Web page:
This is the very first of a year long commitment to blog every day. Blog fest if you will. A means to an end. A way to force, cajole, weedle and trick my sad self into birthing a writerly life where I actually write, not just wish I would write. Or had time to write.
This is the first day on the journey. I was accepted into the English program, concentration in Creative Writing almost a month ago. The only reason I applied is because I didn’t get into the big-kid’s MFA program so I’m settling for the undergraduate version so I can gain access to the upper division writing classes. Why? Why would I do that, a woman with two degrees? Why not just write? Well, the sad, sad truth of it is that I hate writing. I love it. And I hate it. It’s a conundrum. It’s rather unfortunate that I find myself being the kind of writer that doesn’t function well without a deadline. Or threat of a grade. I write every day, but not meaningfully. I jot notes. I start stuff. Loads of stuff. I finish not a thing. And worst of all, I don’t share any of it. Not unless I’m forced to. the class thing you know. I’m the member (really, not joking) in the writing group that never shares writing. Never reads at the readings. I’ll read other people’s stuff all day long and write long, thoughtful responses. I’m a killer editor. I’m a good writer. I’d rather switch that up a bit.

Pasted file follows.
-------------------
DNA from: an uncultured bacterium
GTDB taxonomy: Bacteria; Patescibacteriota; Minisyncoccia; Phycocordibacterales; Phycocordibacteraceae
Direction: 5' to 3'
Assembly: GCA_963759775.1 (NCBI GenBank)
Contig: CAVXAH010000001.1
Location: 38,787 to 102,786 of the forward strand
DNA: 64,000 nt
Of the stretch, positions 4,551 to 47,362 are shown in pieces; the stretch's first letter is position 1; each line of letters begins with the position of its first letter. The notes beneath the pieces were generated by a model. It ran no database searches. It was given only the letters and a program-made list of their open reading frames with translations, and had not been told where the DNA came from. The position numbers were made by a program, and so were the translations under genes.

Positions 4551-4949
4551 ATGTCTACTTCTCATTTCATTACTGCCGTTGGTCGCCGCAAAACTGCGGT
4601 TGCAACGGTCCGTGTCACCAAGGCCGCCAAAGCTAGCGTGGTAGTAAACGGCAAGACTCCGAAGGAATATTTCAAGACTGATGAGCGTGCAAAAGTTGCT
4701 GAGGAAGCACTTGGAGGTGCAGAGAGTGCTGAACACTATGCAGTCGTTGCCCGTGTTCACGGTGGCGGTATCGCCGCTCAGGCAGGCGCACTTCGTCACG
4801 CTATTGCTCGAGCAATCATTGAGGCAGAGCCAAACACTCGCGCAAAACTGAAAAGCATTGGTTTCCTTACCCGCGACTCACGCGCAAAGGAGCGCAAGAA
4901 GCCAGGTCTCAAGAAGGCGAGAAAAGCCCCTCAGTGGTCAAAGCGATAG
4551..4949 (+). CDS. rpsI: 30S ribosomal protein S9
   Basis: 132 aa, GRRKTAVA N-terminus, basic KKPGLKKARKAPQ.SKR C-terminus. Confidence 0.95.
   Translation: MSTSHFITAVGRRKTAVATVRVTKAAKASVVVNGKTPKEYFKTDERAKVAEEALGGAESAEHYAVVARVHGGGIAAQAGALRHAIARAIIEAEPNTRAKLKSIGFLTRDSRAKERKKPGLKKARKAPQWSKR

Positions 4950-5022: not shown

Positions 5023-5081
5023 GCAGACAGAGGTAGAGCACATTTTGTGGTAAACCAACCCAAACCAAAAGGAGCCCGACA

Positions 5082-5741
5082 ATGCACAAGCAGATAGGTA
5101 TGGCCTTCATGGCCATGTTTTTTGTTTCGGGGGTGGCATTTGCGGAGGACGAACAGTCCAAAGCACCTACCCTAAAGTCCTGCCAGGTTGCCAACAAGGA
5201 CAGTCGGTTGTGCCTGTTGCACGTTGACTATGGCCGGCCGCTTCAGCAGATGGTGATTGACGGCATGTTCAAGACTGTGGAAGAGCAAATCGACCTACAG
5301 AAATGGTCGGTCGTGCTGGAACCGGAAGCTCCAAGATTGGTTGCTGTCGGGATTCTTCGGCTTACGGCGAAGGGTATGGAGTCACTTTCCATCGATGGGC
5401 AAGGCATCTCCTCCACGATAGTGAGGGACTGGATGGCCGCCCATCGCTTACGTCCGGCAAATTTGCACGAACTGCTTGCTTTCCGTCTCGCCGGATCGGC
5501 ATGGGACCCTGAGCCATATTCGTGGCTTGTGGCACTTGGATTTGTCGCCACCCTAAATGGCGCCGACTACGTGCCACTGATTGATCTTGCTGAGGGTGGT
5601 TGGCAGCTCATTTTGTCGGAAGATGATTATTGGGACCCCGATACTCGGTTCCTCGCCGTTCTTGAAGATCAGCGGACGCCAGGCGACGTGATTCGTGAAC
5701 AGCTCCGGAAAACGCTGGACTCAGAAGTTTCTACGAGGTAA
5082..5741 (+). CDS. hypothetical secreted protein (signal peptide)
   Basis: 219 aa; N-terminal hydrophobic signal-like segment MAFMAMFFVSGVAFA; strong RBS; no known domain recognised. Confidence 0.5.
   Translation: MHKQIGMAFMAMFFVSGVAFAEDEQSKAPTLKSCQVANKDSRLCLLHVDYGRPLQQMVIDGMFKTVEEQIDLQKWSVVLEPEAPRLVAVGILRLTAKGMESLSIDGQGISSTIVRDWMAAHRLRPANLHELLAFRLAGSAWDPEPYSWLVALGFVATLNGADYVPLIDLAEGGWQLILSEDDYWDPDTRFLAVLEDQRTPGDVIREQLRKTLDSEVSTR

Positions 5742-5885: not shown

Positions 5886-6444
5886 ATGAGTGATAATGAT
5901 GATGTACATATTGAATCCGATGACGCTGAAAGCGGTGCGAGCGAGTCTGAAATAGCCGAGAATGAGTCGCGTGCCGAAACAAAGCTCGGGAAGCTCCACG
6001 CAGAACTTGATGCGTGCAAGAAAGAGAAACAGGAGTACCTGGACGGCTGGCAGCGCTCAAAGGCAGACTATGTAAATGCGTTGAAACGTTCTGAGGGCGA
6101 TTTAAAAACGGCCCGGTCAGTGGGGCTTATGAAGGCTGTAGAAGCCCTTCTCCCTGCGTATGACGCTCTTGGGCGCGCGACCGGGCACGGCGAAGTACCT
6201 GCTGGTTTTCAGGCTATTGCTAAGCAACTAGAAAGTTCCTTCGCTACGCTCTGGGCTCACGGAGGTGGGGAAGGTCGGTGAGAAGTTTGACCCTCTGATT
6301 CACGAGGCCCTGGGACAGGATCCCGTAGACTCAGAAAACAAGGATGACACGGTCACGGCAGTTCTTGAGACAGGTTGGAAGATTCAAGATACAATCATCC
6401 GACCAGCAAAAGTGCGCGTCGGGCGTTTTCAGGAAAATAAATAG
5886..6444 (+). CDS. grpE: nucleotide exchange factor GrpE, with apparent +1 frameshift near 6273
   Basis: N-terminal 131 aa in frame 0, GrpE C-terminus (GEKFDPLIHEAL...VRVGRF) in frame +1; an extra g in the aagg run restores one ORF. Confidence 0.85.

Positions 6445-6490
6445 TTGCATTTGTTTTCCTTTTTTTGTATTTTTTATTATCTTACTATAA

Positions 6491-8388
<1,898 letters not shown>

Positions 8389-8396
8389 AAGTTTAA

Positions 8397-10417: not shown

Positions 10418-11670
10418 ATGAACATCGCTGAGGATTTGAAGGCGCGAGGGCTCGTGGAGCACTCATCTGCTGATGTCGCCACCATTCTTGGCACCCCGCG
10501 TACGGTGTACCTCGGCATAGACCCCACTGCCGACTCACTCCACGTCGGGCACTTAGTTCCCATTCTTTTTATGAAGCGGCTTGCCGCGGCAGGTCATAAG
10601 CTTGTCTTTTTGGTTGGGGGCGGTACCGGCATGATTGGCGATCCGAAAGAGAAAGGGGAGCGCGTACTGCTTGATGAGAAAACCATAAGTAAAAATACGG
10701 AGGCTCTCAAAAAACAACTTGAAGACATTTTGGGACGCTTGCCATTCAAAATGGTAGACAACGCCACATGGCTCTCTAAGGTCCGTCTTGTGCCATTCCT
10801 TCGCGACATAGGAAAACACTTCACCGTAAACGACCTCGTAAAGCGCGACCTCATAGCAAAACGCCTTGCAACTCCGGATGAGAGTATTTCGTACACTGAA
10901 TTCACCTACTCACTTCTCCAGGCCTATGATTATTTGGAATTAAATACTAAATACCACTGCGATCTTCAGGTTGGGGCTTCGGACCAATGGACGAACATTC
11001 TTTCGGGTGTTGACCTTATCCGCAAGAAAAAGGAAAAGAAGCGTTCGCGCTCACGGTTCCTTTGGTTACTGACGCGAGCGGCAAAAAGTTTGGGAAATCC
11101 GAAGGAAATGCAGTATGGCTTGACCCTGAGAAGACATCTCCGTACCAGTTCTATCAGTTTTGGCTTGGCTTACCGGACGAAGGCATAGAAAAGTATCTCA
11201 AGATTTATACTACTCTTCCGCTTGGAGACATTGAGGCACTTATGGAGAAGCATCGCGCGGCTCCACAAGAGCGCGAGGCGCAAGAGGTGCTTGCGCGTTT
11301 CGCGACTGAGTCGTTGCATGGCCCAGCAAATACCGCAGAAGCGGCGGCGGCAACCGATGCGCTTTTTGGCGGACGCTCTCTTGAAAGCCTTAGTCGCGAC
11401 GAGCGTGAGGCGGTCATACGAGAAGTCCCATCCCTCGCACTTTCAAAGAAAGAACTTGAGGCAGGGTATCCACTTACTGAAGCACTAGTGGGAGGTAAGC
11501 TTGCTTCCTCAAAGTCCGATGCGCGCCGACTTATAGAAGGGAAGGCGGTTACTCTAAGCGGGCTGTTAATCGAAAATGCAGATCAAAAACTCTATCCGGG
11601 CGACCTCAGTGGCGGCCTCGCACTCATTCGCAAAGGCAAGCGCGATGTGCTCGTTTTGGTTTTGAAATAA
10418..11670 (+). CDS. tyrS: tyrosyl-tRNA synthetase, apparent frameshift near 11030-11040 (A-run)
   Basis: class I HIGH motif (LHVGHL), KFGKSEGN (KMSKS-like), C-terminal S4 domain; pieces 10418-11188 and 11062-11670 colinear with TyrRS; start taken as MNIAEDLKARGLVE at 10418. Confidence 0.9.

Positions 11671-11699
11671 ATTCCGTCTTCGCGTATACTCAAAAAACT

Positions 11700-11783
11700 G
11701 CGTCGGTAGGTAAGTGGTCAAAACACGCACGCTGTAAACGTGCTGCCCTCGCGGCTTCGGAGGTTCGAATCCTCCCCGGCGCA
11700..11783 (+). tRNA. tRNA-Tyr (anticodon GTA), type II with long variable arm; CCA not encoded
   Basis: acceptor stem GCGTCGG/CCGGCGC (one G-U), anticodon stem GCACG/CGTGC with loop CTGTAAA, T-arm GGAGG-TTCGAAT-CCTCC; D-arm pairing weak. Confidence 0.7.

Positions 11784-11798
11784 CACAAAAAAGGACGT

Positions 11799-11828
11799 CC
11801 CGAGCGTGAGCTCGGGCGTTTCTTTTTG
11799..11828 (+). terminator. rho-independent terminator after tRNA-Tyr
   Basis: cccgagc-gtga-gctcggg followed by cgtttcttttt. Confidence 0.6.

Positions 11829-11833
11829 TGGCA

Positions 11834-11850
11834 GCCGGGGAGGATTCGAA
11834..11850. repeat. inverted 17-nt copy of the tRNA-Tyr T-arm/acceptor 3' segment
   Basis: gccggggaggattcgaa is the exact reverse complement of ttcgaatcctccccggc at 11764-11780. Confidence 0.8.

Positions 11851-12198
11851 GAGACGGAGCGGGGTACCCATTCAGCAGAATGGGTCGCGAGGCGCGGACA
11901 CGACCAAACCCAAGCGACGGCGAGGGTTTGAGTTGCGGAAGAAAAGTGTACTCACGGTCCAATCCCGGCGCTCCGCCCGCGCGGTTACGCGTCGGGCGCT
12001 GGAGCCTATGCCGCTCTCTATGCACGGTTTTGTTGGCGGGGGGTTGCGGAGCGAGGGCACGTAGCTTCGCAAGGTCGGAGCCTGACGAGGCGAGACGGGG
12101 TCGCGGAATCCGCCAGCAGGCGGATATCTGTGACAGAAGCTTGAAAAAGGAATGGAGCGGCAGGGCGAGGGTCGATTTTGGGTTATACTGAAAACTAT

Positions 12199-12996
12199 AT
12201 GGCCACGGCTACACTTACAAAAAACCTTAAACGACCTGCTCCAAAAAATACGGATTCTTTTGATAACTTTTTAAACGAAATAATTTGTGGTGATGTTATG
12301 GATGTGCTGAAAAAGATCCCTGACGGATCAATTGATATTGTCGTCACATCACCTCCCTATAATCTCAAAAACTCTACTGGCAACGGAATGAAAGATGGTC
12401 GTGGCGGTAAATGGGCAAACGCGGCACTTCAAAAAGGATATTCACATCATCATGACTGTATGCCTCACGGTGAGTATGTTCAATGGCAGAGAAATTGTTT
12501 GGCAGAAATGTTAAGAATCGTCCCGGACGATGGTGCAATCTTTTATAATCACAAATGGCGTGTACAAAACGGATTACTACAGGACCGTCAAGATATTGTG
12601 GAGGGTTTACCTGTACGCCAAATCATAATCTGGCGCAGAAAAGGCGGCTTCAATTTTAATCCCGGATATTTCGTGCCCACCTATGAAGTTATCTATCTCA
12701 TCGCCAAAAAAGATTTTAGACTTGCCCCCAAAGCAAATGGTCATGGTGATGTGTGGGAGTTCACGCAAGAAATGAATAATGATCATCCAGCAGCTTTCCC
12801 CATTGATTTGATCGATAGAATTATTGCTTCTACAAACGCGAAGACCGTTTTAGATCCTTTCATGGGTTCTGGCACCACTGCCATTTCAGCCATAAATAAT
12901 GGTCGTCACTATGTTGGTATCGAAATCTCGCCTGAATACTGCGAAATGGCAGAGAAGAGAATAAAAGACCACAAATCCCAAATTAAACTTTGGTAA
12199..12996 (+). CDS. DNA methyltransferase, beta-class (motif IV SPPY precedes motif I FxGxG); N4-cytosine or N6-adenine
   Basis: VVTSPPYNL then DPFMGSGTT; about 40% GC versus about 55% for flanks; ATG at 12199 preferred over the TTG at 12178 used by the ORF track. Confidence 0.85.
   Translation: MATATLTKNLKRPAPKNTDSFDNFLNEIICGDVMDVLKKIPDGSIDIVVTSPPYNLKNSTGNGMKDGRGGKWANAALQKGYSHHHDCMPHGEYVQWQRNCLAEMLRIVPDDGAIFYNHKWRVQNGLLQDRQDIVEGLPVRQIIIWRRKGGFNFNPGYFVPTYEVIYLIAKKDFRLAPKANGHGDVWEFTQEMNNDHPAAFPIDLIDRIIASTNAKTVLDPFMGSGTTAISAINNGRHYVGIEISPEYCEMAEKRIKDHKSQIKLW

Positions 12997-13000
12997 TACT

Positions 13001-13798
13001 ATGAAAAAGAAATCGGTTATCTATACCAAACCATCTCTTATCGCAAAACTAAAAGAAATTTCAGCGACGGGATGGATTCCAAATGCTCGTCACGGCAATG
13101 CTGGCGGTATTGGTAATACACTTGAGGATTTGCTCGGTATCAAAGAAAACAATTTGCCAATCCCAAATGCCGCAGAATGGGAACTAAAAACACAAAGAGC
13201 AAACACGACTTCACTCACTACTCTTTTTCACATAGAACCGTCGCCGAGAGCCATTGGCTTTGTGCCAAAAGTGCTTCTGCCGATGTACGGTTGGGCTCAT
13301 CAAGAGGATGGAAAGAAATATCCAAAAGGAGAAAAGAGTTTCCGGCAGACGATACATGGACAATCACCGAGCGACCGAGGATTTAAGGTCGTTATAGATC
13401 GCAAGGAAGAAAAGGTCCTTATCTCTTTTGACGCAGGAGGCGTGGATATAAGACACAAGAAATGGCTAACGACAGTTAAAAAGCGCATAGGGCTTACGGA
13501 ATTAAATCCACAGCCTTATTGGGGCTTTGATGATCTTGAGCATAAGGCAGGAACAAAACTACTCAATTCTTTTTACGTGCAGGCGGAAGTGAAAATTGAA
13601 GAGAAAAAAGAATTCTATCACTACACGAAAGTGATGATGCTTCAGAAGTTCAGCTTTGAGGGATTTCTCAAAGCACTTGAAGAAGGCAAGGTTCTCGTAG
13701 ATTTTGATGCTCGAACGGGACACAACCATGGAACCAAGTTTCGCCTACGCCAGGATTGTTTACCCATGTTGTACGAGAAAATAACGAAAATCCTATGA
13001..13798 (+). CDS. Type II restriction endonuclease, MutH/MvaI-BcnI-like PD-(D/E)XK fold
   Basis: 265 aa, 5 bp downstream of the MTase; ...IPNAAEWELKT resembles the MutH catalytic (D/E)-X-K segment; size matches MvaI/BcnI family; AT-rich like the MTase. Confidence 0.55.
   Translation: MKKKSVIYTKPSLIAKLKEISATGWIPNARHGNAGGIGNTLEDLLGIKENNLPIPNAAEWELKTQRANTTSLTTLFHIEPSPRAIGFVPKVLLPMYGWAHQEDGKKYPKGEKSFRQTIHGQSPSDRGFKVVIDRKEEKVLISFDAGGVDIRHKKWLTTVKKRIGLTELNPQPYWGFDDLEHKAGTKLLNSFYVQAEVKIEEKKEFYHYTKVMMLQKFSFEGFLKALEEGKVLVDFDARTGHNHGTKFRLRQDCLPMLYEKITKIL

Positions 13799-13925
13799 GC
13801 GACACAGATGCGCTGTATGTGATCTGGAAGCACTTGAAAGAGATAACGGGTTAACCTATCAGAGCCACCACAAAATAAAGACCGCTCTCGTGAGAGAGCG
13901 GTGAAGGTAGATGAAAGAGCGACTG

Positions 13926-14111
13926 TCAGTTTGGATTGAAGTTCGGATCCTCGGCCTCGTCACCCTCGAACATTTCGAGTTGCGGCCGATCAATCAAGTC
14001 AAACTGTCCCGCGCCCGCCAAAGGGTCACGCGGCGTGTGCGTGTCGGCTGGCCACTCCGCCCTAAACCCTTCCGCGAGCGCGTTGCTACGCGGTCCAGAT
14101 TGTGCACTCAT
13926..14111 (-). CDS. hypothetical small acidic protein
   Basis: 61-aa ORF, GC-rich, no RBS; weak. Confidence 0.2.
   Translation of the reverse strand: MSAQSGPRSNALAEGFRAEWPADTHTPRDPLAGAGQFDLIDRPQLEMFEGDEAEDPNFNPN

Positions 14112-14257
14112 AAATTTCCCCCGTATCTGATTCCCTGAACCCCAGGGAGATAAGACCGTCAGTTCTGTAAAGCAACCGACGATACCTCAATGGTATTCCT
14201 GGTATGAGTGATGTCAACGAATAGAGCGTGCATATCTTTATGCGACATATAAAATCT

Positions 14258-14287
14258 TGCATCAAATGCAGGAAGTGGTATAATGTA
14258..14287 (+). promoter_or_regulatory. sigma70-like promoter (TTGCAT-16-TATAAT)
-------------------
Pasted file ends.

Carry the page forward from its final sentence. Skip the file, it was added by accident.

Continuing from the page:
I’ve wanted to write for a living since I was in 7th grade and got my very first, ‘you write really well’ from Mr. John Kinghorn, writing teacher extraordinaire. Also the one who introduced me to Ray Bradbury and the Martian Chronicles. I still have the battered, yellow, brittle copy, stamped ‘Property of Evergreen Junior High School,’ that I stole, er, failed to return. But really it was because I loved it so much I couldn’t. Between John and Mr. Joseph Knight, an English teacher I had in high school, I was smitten with the idea of being a writer very early on. I even loved the surly alcoholic literature teacher I had who introduced me to Hemingway. I hated then loved a teacher I had in 9th grade who I swore then followed me to the high school as an English teacher just for the pleasure of continuing her torture campaign against me. Mrs. Aldridge … I forget her first name now. Mrs. Aldridge, who holds a very dear place in my heart because she’s the one who introduced me to Harper Lee and To Kill a Mockingbird.
I want to create places that draw people in and hold them near, beloved, because they love the place and the people too. Right now I’m thinking Louise Penny. I want to live in Three Pines with the Gamaches, Gabri and Olivier. Clara and Myrna. Even Ruth. I want to breathe life into something that special. So here we go.
Categories: Short story